Tag Archives: British Army

Trousers, civilian w. turn-up

Red MGB GT

I retire from the Army Reserve today. I joined up back in 1988 but I still remember my first day at the Royal Military Academy Sandhurst like it was yesterday:

I BECAME AWARE of his presence before I actually set eyes upon the Colour Sergeant for the very first time. Viscerally, I knew I’d properly fucked up well before I knew the reason why. The year was 1988 and I was trying to extract an ironing board from the back of my MGB GT, a vehicle not best suited to the carriage of such an unwieldy item. It was my first day at the Royal Military Academy, Sandhurst where I was embarking on a six month leadership training course which, if successful, would culminate in a commission as a Second Lieutenant in the British Army.

On arrival I had been directed to a car park some distance from my new home in Victory College, and instructed to get my kit unloaded and up to my new quarters in double quick time. In addition to the ironing board now stuck between the rear parcel shelf and the seat backs, the kit list of requirements had been extensive, running to several pages of curious back to front wording which transformed seemingly mundane items such as trousers and shoe polish into ‘trousers, civilian w. turn-up’ and ‘polish, shoes black’.

Getting this kit into my little car had been a gargantuan task in itself and I did not look forward to the multiple journeys to and from the car park that it would take to unload it all. In a flash of initiative that I reckoned would serve to highlight my suitability for commissioning, I resolved to bring Mohammed to the mountain and drive my car to an empty car park I had observed directly adjacent to the college. This would more than halve the unloading time.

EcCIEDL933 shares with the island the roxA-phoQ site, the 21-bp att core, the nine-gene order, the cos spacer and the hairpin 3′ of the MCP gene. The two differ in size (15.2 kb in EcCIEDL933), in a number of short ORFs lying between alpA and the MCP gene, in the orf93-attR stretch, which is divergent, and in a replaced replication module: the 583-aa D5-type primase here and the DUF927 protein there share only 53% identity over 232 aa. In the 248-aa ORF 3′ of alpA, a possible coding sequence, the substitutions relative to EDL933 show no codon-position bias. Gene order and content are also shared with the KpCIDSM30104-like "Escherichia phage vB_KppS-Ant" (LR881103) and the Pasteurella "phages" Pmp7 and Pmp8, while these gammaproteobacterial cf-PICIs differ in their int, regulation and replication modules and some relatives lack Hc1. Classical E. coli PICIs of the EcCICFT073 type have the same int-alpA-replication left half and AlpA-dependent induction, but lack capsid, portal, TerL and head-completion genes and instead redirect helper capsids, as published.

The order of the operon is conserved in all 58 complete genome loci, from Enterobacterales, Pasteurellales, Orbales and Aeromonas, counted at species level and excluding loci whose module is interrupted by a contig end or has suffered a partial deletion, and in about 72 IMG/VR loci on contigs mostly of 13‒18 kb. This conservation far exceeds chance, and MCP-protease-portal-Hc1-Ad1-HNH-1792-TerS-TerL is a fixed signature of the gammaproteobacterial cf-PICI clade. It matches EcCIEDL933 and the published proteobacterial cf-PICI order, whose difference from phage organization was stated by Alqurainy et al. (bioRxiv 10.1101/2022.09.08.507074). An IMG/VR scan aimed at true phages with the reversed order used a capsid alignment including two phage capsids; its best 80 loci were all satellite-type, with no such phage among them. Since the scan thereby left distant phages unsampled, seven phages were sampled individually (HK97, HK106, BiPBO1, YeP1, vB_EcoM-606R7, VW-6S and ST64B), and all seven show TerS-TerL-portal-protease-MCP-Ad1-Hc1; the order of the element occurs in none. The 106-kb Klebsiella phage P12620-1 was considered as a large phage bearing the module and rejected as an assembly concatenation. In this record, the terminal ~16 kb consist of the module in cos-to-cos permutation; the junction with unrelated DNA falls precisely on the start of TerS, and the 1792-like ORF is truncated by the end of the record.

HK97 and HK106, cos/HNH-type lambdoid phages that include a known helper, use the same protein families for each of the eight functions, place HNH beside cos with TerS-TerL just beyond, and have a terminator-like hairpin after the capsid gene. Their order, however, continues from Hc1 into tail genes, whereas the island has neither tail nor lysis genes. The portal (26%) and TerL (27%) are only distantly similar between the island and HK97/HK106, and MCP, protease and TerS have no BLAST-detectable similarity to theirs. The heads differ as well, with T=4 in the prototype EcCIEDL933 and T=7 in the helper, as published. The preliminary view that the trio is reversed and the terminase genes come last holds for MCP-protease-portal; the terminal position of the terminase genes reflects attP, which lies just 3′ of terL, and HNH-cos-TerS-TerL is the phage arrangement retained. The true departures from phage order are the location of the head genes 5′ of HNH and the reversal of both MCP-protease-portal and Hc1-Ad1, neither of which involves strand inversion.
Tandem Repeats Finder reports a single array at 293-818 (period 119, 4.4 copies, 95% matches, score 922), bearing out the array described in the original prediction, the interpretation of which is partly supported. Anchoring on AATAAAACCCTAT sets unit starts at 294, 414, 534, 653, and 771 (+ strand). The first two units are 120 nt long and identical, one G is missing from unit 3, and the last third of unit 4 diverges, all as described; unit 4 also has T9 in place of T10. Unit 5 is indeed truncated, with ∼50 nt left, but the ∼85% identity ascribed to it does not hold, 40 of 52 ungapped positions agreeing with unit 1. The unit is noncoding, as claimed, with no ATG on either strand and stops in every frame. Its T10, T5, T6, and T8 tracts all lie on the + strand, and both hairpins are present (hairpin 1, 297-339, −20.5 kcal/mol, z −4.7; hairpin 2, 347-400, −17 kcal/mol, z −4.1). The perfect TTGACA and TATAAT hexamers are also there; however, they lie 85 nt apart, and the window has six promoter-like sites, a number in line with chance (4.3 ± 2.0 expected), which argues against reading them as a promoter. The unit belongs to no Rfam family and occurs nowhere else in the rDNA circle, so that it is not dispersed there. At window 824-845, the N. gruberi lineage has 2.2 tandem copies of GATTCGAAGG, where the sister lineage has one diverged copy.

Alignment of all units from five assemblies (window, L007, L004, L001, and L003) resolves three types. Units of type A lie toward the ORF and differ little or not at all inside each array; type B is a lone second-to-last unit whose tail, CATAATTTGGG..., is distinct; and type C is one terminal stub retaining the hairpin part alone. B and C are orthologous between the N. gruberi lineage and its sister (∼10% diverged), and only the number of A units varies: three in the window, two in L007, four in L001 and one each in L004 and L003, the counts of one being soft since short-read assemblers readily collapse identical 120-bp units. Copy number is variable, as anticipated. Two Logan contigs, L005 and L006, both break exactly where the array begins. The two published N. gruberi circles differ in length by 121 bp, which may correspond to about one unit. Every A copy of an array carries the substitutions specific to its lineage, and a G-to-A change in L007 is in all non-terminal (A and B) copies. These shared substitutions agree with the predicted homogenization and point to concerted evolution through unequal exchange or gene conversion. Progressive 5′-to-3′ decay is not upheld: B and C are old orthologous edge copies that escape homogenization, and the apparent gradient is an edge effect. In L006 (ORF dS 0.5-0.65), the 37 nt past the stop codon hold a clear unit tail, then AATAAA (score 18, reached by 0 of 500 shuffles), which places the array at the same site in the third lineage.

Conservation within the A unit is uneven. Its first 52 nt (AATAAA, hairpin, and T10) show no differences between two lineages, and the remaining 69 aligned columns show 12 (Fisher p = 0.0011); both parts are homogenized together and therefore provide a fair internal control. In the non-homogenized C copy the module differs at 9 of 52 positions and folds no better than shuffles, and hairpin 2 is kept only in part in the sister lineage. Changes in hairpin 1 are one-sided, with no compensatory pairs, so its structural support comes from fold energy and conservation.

Having put this unilateral change of plan into action I quickly completed the task, with the exception of the ironing board, which refused to budge. In an attempt to identify the cause of the obstruction I had somehow managed to squeeze my torso into the space between the parcel shelf and the seatbacks when I became aware of the Colour Sergeant at my back.

I inelegantly extricated myself from the vehicle. His towering presence loomed over me. It was obvious that I had transgressed in some way and was about to experience the wrath of the Colour Sergeant.

Immaculately dressed in blue tunic with red sash, brandishing a highly varnished wooden pace stick, the Colour Sergeant opened and closed his mouth a few times as he struggled to find the words to adequately express the full depth of his rage. The effect was like that of a pressure cooker about to explode. His arms and shoulders began to rise and fall in a series of short violent movements, but still no words emerged from his soundless lips. In an effort to diffuse the situation I stuck out my hand and attempted to introduce myself. The Colour Sergeant appeared truly affronted by this gesture, recoiling as if I had slapped him hard across the face. His impressive moustache twitched alarmingly and he finally found his voice.